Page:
This is an embedded device with a custom kernel (see below for relevant config). It's an x86-32 machine booting like this: coreboot->uboot->linux. I can mount the NFS share in linux if I use on-board storage for the rootfs. I'm pretty sure that linux is correctly autoconfiguring the network at boot using ip=dhcp (note: this is using the network's DHCP server; it's just handing out IP addresses, and has nothing to do with BOOTP or anything like that). I've also tried explicitly setting parameters with ip=, results are the same as for ip=dhcp.

Here's what gets executed in uboot:

set ethaddr 02:00:00:10:00:43; set serverip; set ipaddr
set bootargs rootwait raid=noautodetect rw console=ttyS0,115200 root=/dev/nfs nfsroot=$serverip:/yukon ip=dhcp
ext4load mmc 0 ${kernel_addr} ${kernel_path} ; ext4load mmc 0 ${initrd_addr} ${initrd_path} ; zboot ${kernel_addr} 0 ${initrd_addr}

Here's the network coming up in linux:

Sending DHCP requests ., OK
IP-Config: Got DHCP answer from, my address is
IP-Config: Complete:
     device=eth0, hwaddr=02:00:00:10:00:43, ipaddr=, mask=, gw=
     host=, domain=jdnet.deere.com, nis-domain=(none)
     bootserver=, rootserver=, rootpath=
     nameserver0=, nameserver1=

Linux panics when it can't mount the rootfs:

VFS: Unable to mount root fs via NFS, trying floppy.
VFS: Cannot open root device "nfs" or unknown-block(2,0): error -6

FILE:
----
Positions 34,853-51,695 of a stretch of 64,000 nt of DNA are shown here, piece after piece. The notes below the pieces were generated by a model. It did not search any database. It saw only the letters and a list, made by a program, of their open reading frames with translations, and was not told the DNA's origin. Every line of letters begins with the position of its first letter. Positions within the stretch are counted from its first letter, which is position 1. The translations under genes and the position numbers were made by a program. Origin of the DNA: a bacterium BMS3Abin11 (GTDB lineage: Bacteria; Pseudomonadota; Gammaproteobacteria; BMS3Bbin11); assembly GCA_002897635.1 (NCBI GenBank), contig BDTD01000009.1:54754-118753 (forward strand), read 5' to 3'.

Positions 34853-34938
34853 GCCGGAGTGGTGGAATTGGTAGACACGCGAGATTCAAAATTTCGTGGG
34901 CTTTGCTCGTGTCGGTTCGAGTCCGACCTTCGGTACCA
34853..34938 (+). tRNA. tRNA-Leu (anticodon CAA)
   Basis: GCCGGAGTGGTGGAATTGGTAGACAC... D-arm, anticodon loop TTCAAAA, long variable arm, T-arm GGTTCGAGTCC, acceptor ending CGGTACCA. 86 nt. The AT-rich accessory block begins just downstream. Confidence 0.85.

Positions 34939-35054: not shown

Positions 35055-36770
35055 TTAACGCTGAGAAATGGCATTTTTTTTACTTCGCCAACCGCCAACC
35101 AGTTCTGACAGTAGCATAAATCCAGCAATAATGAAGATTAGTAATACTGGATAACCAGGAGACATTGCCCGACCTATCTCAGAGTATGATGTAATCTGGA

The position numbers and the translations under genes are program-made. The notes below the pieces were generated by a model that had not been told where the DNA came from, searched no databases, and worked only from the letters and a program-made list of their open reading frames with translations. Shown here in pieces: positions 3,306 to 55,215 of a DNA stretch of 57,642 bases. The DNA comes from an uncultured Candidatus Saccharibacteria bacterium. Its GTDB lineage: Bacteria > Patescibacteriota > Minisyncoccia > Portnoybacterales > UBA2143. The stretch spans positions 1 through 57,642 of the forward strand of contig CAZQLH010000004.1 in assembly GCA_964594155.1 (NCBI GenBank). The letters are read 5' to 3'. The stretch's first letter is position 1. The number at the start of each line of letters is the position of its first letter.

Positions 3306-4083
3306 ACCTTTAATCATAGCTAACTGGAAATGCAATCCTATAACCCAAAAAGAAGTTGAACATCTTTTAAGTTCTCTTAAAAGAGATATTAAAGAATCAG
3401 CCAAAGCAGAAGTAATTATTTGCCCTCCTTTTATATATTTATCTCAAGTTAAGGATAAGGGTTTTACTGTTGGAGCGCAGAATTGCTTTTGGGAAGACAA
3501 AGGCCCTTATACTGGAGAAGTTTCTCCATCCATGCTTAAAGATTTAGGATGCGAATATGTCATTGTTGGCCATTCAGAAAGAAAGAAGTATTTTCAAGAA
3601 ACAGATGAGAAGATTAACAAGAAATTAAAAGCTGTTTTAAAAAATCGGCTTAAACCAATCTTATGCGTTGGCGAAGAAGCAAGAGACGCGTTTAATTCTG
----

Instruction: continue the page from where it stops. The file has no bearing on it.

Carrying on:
Relevant kernel config:

root@localhost:~# zgrep -E NFS\|IP_PNP /proc/config.gz
# CONFIG_NFS_V3_ACL is not set
# CONFIG_NFS_SWAP is not set
# CONFIG_NFS_V4_1 is not set
# CONFIG_NFSD is not set

NFS can be mounted in linux with

mount.nfs /mnt

I'm probably missing something obvious. I'm looking for ideas and common mistakes.


  • The nfsrootdebug kernel parameter doesn't have any effect.
  • Though there is an initrd, it is not used. It is definitely not necessary for booting with on-board storage. All the necessary drivers are compiled into the kernel, not as modules.

Aside: I have determined that using ethernet in uboot makes it unusable in linux; that's another bug for me to solve, but I can avoid using the network in uboot so that shouldn't be an issue.

  • Are you sure the device name is root=/dev/nfs? I would suspect that this where the problem is. – Jeight May 21 '15 at 18:30
  • @Jeight That's how you tell linux to use NFS as the rootfs. kernel.org/doc/Documentation/filesystems/nfs/nfsroot.txt – jpkotta May 21 '15 at 18:51
  • I'm not sure then. Maybe it has something to do with this: rdinit=<executable file> To specify which file contains the program that starts system initialization, administrators can use this command line parameter. The default value of this parameter is "/init". If the specified file exists and the kernel can execute it, root filesystem related kernel command line parameters, including `nfsroot=', are ignored. – Jeight May 21 '15 at 19:12
  • But I don't specify rdinit=, and if I did, where would it live (in the initrd, I'd guess). There actually isn't any initrd, I will update the question to reflect this. – jpkotta May 21 '15 at 19:31

I would suggest to check /etc/exports, /etc/hosts.deny, /etc/hosts.allow on the server to see if dhcp-allocated address ( is allowed.

  • I can mount the nfs rootfs once I'm in Linux, using the same hostname:/path as I'm giving the kernel in the cmdline. – jpkotta Sep 2 '15 at 22:59

I was really close. I needed to enable no_root_squash in /etc/exports:


And although both mount.nfs $serverip:/yukon /mnt and mount.nfs $serverip:/srv/nfs/yukon /mnt worked, I needed the full path for the Linux cmdline:

console=ttyS0,115200 rootwait rw nfsroot=$serverip:/srv/nfs/yukon ip=dhcp root=/dev/nfs

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